It was the summer of 1986. I was selling 45s at my friend's band's record release party. I walked up to a guy I had heard about. A friend of a friend said he was someone I might want to meet. I asked if he wanted to buy a record. He replied with , "only if it comes with your number."
It turns out, he didn't need my number. We went to a party. Then another party. Then back to his apartment.
He was my attempt at a one-night stand. And he was only the second guy I ever slept with.
About four months later, I tested positive for chlamydia. He claimed it wasn't him.
I wasn't very good at the one-night thing. We developed a friendship and ended up getting together for 'dates' whenever I was home from college. We'd have long talks on the phone while I was away.
In the summer of 1988, the night of the first home game under the lights at Wrigley Field, we slept together again. And a few months later, I again tested positive for chlamydia.
Twice. From the same guy.
And I was supposed to be a smart, responsible girl.
So all I could do at first was laugh when I got the call Tuesday that my donor -- that sweet looking, hard-working, bright ambitious twentysomething I have become attached to -- has a boyfriend who tested positive for chlamydia.
It just seemed so ridiculous.
She seemed so responsible. The first couple she donated to left with 30 eggs and are pregnant with twins. She seemed like a great investment.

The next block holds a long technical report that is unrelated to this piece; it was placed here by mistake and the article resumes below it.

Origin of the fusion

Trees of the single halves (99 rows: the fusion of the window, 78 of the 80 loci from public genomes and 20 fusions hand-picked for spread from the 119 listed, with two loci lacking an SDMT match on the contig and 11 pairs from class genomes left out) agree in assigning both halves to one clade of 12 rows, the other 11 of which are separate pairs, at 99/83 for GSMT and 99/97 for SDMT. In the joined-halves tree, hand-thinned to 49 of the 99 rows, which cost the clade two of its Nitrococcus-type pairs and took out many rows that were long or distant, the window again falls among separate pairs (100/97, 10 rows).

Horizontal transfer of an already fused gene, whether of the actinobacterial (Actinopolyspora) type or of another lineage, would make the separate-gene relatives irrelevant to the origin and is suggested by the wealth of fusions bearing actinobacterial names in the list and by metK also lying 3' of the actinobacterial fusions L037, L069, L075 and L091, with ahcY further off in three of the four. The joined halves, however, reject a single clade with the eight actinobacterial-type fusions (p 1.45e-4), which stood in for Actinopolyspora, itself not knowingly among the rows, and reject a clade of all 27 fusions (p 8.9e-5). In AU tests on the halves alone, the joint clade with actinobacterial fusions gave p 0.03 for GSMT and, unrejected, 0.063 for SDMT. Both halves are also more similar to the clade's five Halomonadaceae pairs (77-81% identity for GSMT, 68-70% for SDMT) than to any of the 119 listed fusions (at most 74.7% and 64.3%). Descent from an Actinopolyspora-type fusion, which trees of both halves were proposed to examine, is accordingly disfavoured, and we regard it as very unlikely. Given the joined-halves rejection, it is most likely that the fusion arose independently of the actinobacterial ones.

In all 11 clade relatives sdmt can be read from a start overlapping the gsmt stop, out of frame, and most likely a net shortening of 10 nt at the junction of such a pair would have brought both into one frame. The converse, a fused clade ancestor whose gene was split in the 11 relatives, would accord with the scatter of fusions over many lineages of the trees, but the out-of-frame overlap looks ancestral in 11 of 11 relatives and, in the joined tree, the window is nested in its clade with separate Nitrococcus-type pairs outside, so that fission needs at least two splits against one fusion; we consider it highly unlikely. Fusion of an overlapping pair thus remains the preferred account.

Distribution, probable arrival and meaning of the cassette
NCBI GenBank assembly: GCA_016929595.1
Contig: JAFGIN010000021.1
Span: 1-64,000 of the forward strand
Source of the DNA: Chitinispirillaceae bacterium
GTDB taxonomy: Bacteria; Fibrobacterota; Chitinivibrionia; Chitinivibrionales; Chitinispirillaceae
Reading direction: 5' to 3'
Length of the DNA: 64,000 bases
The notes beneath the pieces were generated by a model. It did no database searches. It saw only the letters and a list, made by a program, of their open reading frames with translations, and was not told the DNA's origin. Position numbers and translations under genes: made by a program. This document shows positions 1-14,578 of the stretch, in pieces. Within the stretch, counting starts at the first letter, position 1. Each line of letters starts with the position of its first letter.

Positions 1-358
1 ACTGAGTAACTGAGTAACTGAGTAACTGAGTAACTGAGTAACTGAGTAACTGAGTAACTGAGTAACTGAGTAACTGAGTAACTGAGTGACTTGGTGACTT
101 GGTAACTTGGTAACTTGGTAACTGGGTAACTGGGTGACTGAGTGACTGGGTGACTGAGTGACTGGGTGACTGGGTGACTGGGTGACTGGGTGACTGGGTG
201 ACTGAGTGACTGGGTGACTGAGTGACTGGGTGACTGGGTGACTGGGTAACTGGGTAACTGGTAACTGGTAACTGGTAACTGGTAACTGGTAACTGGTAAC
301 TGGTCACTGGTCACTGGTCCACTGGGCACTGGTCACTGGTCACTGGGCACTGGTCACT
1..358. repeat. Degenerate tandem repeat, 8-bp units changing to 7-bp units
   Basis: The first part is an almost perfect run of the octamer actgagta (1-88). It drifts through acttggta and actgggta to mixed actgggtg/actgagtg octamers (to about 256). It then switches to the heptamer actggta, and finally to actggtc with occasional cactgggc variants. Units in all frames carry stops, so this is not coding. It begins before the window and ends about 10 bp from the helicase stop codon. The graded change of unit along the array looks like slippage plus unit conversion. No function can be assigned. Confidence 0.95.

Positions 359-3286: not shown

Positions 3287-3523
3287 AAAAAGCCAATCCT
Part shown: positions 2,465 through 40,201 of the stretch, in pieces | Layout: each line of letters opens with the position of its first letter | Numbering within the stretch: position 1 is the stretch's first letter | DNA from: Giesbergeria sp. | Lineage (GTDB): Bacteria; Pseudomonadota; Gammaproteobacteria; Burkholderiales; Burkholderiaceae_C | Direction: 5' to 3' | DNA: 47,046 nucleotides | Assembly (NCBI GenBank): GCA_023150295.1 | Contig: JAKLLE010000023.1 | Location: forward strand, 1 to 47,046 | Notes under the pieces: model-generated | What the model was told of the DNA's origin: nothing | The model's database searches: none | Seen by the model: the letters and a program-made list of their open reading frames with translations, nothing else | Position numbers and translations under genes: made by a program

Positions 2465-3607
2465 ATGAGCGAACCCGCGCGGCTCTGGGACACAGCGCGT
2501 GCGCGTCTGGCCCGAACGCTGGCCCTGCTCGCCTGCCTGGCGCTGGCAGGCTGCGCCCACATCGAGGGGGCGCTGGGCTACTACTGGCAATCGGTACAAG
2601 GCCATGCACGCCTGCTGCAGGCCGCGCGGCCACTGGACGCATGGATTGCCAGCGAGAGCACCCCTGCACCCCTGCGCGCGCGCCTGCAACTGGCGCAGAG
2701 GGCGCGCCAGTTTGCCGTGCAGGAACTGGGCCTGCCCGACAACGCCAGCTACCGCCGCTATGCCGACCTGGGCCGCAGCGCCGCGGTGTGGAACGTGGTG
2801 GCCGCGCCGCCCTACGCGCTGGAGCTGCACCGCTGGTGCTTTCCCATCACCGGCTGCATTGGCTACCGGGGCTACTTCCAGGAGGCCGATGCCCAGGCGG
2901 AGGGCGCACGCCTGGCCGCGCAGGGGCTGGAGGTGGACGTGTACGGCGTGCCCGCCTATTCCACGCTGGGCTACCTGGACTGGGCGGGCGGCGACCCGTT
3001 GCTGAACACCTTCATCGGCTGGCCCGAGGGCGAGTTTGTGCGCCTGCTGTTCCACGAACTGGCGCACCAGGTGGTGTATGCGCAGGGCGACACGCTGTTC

Damn that boy.
After my doctor's office talked to the CDC and consulted with other professionals and read up on STDs, they decided that we can't work with her anymore.
That puts up back at square one. And that's when I broke down and cried.
I'm also remarkably grateful to her for being so responsible to call the agency and tell them she was exposed to the STD.
She could have gone to get treated and moved forward as if nothing happened. That could have caused terrible complications for me and a potential baby.
Or she could have been tested, come up negative, then get a positive test on retreival day. That would have cost me a bundle of money.
As it is, I don't think it costs me anything if we just go with another donor (she hadn't met with the attorney yet and she hadn't had her first doctor's appointment).
If we drop out of the process all together, we get everything back except $500 for the egg donor agency and $700 for the lawyer. We'd get $11,600 back, I think.
This has made me realize how much we are depending on a young financially strapped stranger to be honest and responsible. And it's a litttle scary.
I have started rethinking the whole thing.
My husband says we should just move forward: plenty of people do it without any complications at all.
For now, I'm just reviewing the contract. And reading the stories on blogs.
But, I have to admit, I haven't found anything at all like this.
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